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Judge Moore is suspended 10 days
pending outcome of ethics complaint

MONTGOMERY, Ala. (BP)–Alabama Chief Justice Roy Moore will be suspended from his position for 10 days, pending the outcome of an ethics complaint for refusing to follow a federal court order to remove the Ten Commandments monument he ordered installed in the Alabama judicial building in 2001.

Moore was automatically suspended with pay Aug. 22 when the nine-member Alabama Judicial Inquiry Commission referred an ethics complaint against Moore to the Court of the Judiciary, which holds trial-like proceedings and can discipline and remove judges.

Moore will have 30 days to respond to the complaint, one of the clerks who works with the Court of the Judiciary told Fox News. Moore had no immediate comment; a spokesman, Tom Parker, told Fox the judge’s attorneys would respond to the complaint Aug. 25.

Moore has been steadfast in his refusal to remove the 5,300-pound Ten Commandments monument, missing the Aug. 20 deadline given by federal Judge Myron Thompson.

Although the monument remained in the rotunda of the state judicial building Aug. 22, it had been ordered removed by a vote of Moore’s associate justices the day before. The justices ordered the monument removed “as soon as practicable.”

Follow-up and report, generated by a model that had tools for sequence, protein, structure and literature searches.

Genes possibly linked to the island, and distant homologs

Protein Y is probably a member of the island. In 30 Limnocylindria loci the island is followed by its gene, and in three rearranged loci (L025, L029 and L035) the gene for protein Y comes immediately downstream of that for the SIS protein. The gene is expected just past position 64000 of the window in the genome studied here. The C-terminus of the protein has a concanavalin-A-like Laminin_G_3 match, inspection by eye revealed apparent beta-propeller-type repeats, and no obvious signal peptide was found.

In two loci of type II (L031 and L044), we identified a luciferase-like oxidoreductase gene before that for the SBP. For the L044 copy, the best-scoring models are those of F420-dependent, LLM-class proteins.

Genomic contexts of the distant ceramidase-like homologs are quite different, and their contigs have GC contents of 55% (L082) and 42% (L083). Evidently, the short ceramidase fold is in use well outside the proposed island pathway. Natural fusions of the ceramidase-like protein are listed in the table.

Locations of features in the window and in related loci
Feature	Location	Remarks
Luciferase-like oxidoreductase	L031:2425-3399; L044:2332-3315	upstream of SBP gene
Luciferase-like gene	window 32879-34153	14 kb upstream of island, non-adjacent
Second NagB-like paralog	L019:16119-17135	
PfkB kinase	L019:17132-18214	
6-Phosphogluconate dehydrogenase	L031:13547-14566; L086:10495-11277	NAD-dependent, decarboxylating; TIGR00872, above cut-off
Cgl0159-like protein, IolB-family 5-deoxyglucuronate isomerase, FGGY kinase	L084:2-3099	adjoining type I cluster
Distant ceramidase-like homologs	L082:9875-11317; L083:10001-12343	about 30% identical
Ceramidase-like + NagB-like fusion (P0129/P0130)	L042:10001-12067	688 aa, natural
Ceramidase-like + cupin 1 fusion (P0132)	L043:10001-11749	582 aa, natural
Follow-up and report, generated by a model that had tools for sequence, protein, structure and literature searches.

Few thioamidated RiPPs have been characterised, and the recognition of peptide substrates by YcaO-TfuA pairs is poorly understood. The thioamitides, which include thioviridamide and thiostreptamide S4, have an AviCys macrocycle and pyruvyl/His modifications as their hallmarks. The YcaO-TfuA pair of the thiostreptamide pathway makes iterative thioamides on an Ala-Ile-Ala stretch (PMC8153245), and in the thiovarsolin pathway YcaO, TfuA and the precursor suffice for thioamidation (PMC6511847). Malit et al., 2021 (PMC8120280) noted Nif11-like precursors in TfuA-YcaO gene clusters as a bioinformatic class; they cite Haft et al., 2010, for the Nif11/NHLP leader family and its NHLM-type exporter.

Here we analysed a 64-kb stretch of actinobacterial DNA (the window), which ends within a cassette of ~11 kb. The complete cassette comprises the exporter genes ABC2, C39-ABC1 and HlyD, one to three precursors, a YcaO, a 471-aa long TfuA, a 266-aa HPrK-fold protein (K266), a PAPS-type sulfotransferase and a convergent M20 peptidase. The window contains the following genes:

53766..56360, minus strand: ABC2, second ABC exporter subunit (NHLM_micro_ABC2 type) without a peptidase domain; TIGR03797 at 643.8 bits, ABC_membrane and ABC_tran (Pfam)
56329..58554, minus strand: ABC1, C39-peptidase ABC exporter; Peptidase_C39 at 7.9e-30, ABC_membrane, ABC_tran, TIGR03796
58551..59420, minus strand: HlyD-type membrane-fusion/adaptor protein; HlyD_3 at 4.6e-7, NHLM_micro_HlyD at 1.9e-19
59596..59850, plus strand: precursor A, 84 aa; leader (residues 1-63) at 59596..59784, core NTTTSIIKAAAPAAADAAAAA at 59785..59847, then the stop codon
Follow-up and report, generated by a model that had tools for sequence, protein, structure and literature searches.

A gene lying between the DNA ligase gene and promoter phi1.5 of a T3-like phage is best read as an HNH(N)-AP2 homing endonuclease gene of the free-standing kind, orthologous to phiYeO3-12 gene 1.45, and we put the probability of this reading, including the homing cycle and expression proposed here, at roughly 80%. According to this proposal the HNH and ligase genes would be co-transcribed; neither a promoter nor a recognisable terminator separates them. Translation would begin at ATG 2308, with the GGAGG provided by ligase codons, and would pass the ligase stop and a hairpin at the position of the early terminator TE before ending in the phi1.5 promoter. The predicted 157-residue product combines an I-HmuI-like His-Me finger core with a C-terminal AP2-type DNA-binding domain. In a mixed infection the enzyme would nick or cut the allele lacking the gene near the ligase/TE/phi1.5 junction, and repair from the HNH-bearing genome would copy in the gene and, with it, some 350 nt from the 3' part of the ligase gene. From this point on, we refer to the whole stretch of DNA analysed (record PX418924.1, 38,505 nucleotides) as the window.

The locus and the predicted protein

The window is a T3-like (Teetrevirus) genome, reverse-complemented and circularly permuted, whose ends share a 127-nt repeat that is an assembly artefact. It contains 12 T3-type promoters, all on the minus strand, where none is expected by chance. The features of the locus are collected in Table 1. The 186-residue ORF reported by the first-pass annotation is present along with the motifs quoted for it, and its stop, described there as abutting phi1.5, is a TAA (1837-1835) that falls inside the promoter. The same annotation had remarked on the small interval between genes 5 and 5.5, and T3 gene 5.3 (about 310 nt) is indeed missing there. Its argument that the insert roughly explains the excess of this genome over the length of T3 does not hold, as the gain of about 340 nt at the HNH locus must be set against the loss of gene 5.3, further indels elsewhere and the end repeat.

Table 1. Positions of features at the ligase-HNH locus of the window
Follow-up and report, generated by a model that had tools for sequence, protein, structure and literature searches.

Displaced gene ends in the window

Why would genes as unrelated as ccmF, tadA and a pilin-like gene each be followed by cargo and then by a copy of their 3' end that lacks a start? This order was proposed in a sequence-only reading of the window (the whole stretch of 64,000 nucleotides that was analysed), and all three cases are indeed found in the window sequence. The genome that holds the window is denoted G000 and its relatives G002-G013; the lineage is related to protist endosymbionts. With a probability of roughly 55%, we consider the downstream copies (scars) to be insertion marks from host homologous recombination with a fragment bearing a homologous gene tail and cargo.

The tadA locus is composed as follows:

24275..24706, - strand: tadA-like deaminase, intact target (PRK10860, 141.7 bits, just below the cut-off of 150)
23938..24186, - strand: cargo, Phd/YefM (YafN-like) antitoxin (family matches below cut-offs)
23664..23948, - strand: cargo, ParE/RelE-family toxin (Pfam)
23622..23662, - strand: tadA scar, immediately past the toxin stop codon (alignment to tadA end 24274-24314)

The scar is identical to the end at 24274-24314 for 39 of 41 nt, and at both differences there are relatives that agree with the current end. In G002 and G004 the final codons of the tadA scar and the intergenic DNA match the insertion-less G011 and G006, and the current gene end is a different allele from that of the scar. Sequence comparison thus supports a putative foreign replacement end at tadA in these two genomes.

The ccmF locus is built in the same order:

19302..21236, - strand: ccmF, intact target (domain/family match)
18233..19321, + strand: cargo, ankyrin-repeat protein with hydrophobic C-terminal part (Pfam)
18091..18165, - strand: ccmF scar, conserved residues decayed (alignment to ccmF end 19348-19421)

Alabama Attorney General Bill Pryor said the monument would be moved “very soon.” Demonstrators were still outside the building Aug. 22, hoping to prevent its removal by peaceful means.

During the Aug. 22 hearing before the Judicial Inquiry Commission, one of Moore’s attorney’s, Philip Jauregui, told the Montgomery Advertiser that he had argued, “The charges before this commission can be answered at once by referring to the rule of the case.”

“The rule is the rule of law … and the law in this case is the First Amendment,” Jauregui said.

Jauregui further told the newspaper that Moore’s “placement of the monument in the Alabama Judicial Building is not a law respecting an establishment of religion…. It doesn’t matter if a million federal judges say it is.”

The Associated Press, meanwhile, reported that Moore said he told the commission that he was upholding his oath of office in acknowledging God.

The media was not allowed in the meeting.

Meanwhile, lawyers who sued for the monument’s removal said Aug. 22 they would not file to have Moore held in contempt of court.

“Our concern all along has been compliance with the Constitution. Once the monument has been removed, our concerns will have been addressed,” lawyer Ayesha Khan said, according to MSNBC.com

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